- Overkote (Asphalt Based Sealcoat, Sealcoat): Mixture of asphalt emulsion, minerals and sand placed on asphalt pavement surface to help preserve, weatherproof and rejuvenate
- Overlay (Resurfacing): Layer of asphalt concrete placed over existing asphalt paving. Restores quality of pavement, increases structural strength and extends service life
- Oxidize: Decomposition of asphalt products caused by exposure to the elements. New asphalt will eventually turn grey as a result of oxidation
- Pavement Defect: Any less than desirable pavement condition
- Pavement Repair (Digout): Act of removing an area of failed asphalt, compacting the base and then placing asphalt concrete to fill.
- Pavement: Hard smooth surface that will support the load of vehicles, bicycles, forklifts, wheelchairs and pedestrians as designed
- Paving Fabric: Non-woven fabric that is placed on existing asphalt prior to an overlay. Helps to prevent surface water intrusion and helps to prevent cracks from reflecting through overlay
- Permeability: Rate at which water can flow or pass through soil or asphalt concrete
- Phase (Move- In): The number of times we will need to move our crews in and out of the property in order to complete project and ensure the facility can continue to operate
- Power Steering Tear: The lateral turning of the tire without rolling, creates tears in new sealcoat and slurry seal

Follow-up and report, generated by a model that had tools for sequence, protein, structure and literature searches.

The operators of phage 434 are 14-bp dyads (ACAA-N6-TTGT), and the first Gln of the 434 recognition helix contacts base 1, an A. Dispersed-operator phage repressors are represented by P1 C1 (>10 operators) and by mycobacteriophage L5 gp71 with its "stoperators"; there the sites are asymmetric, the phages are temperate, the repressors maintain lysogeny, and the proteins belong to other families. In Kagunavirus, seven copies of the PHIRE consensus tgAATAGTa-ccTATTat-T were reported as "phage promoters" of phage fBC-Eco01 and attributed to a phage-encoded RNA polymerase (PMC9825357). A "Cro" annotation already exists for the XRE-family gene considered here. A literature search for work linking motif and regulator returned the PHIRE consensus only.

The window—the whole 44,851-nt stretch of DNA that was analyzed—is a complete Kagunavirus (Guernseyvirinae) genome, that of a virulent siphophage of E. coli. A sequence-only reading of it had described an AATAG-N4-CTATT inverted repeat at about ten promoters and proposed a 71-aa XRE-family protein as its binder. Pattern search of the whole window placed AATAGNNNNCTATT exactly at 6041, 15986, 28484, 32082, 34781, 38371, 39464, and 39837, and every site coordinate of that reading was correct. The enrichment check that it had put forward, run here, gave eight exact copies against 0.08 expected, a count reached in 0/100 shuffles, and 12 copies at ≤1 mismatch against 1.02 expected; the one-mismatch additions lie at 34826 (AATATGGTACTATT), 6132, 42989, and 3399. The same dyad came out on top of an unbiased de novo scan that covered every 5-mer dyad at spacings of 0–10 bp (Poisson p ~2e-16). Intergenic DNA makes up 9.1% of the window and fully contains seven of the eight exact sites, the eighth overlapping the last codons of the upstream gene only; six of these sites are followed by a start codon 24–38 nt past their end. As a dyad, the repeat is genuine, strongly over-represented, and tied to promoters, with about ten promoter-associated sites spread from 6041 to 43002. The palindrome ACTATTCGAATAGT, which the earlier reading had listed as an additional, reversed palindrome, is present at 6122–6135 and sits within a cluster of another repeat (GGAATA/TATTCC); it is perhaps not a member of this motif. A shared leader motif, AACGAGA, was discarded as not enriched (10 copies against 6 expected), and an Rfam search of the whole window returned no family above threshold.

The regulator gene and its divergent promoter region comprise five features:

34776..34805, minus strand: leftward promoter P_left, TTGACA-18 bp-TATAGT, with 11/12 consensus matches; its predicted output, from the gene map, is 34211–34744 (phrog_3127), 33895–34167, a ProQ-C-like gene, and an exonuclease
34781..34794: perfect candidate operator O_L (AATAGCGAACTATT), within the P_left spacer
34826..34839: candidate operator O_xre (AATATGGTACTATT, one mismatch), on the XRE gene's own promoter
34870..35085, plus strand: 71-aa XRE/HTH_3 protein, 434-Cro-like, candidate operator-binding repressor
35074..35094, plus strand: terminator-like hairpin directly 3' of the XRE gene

- Power Sweeper (Power Broom): Power operated rotary broom used to clean loose material off pavement
- Raveling: Act of losing aggregate as the asphalt cement decomposes
- Reflective Cracks: Cracks in asphalt overlay that reflect the previous cracks in the base layer beneath
- Resurfacing (Overlay): Layer of asphalt concrete placed over existing asphalt paving. Restores quality of pavement, increases structural strength and extends service life
- Rock Slurry Seal (Slurry Seal): Combination of aggregate, asphalt emulsion and fillers. When applied it fills voids and extends pavement life. Ideal for older pavements when an overlay is cost prohibitive. Tough, long lasting surface treatment
- Roller: Steel drum roller that is driven over new, hot asphalt cement to help with compaction
- Rutting: Depressions in the wheel paths caused by unstable pavement or inadequate underlying base
- Sand: Very fine particles from rock
- Seal coat (Asphalt Based Sealcoat, OverKote): Mixture of asphalt emulsion, minerals and sand placed on asphalt pavement surface to help preserve, weatherproof and rejuvenate
- Skid Resistance: Ability of a paved surface to offer resistance to skidding or slipping
- Skin Patch: Thin layer of asphalt cement spread over a depression of the surface as a temporary treatment
- Slope: Inclination or slant, difference in vertical elevation of two points divided by horizontal distance between
- Slurry Seal (Rock Slurry Seal): Combination of aggregate, asphalt emulsion and fillers. When applied it fills voids and extends pavement life. Ideal for older pavements when an overlay is cost prohibitive. Tough, long lasting surface treatment
- Squeegee: Rubber edged tool used to move material
- Storm Drain: Pipelines used to carry rainfall that has drained from paved surfaces to the drainage course
- Subgrade: Prepared earth surface on which a base layer or pavement is placed
- Tack Coat: Liquid asphalt emulsion applied to existing surfaces to promote bonding of old asphalt to new asphalt
- Trip / Fall Hazard: Unexpected obstruction or depression that can cause a pedestrian to stumble or fall
- Truncated Domes: System of textured ground surface indicators used to assist blind and vision impaired pedestrians, typically yellow in color
- Weathering: Gradual breaking down or decomposition of asphalt cement due to hardening and oxidation